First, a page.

Erin Andrews' creepy stalker will go to his California court dates without an orange jumpsuit.
An Illinois judge released Michael David Barrett on $4,500 bond. But Barrett will have to wear an ankle bracelet and abide by a curfew until his October 23 appearance in California federal court. He has also been barred from using a computer until his next court appearance.
Barrett struggled with reporters after walking out of jail in Chicago on Monday. Feds have also charged that Barrett made nude videos of other women, and posted those online as well.
Barrett, a 47-year-old insurance company employee who was arrested at O'Hare International Airport on Friday for allegedly making nude videos of the blonde bombshell sportscaster while she was on assignment, has been in jail all weekend.
Barrett is accused of posting online the peephole videos which show Andrews changing, and then trying to sell them to TMZ.com. He faces interstate stalking charges in Los Angeles, where TMZ is based. If convicted, he could be sentenced to up to five years in prison and a $250,000 fine.
His neighbors in a Chicago suburb said Sunday they were surprised by his arrest. Barrett kept his yard manicured, played golf and enjoyed cooking on a gas grill on a patio behind his $300,000 suburban Chicago town house. The normalcy of his life was what made the accusations so upsetting to neighbors and acquaintances.
"I'm totally shocked," said David Wayne, 72, a retired corporate executive who lives several doors down from Barrett. "He looked absolutely normal — nothing distinguishing."
Investigators believe Barrett recorded Andrews by aiming a cell phone camera through an altered peephole in the door of her hotel room.
There didn't appear to be anyone home Sunday at Barrett's two-story, two-garage house in Westmont, a leafy, middle-class suburb about 20 miles west of Chicago lined with quaint, gas-lamp replica street lights.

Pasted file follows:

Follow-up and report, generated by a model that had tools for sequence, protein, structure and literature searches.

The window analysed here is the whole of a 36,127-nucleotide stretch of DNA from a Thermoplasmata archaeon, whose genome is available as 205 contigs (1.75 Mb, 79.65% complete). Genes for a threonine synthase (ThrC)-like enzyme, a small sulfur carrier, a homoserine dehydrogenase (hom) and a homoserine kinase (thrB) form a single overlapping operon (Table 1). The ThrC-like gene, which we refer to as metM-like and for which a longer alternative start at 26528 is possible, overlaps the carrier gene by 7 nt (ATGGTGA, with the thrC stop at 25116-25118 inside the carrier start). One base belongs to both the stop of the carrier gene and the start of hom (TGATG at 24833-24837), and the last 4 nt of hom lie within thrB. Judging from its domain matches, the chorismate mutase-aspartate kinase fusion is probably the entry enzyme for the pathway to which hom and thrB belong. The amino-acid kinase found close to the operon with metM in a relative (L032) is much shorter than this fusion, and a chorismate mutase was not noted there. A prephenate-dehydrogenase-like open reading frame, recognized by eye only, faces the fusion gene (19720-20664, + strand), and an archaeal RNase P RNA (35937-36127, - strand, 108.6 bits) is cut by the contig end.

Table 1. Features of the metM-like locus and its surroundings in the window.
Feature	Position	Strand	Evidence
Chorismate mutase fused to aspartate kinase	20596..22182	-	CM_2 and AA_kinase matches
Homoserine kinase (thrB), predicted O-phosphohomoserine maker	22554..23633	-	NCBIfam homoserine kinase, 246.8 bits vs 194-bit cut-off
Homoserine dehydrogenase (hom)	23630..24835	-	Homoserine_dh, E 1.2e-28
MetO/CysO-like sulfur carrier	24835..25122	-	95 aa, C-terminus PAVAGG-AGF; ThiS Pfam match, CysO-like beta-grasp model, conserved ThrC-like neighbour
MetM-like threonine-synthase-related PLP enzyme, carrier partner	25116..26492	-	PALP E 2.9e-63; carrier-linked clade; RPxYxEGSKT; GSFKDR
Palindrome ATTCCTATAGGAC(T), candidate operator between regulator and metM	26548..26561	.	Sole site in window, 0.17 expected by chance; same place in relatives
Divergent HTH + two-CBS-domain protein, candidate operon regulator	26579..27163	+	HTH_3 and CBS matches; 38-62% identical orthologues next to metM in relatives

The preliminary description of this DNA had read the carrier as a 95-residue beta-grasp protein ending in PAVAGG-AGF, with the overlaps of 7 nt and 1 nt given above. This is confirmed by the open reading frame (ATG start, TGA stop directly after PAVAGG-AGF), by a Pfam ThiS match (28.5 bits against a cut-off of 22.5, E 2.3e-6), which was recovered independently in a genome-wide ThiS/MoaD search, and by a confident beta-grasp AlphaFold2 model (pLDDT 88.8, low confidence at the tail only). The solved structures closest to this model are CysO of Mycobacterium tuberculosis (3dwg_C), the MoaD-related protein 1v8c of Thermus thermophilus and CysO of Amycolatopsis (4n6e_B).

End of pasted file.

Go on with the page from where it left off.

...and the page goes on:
An FBI affidavit said Barrett specifically asked for a room next to Andrews at a Tennessee hotel where seven videos were likely taken, apparently through an altered peephole. An eighth video may have been shot at a Milwaukee hotel.
Today, Andrews lawyer, Marshall Grossman of the Los Angeles-based firm Bingham McCutchen, is laying blame on the hotel, as well.
"I think (the case) has significance far beyond Ms. Andrews," said Marshall Grossman of the Los Angeles-based law firm Bingham McCutchen.
The 35-page criminal complaint contains a section from the hotel computer records of Barrett's reservation that show a notation, "GST RQST TO RM NXT TO (Andrews)."
Grossman said the hotel should be held accountable for issuing "rooms at the end of the hall, in an alcove, where anyone would be free to do just about whatever they wanted to do in complete privacy."
He said the incident would "likely serve as a casebook study on poor hotel management."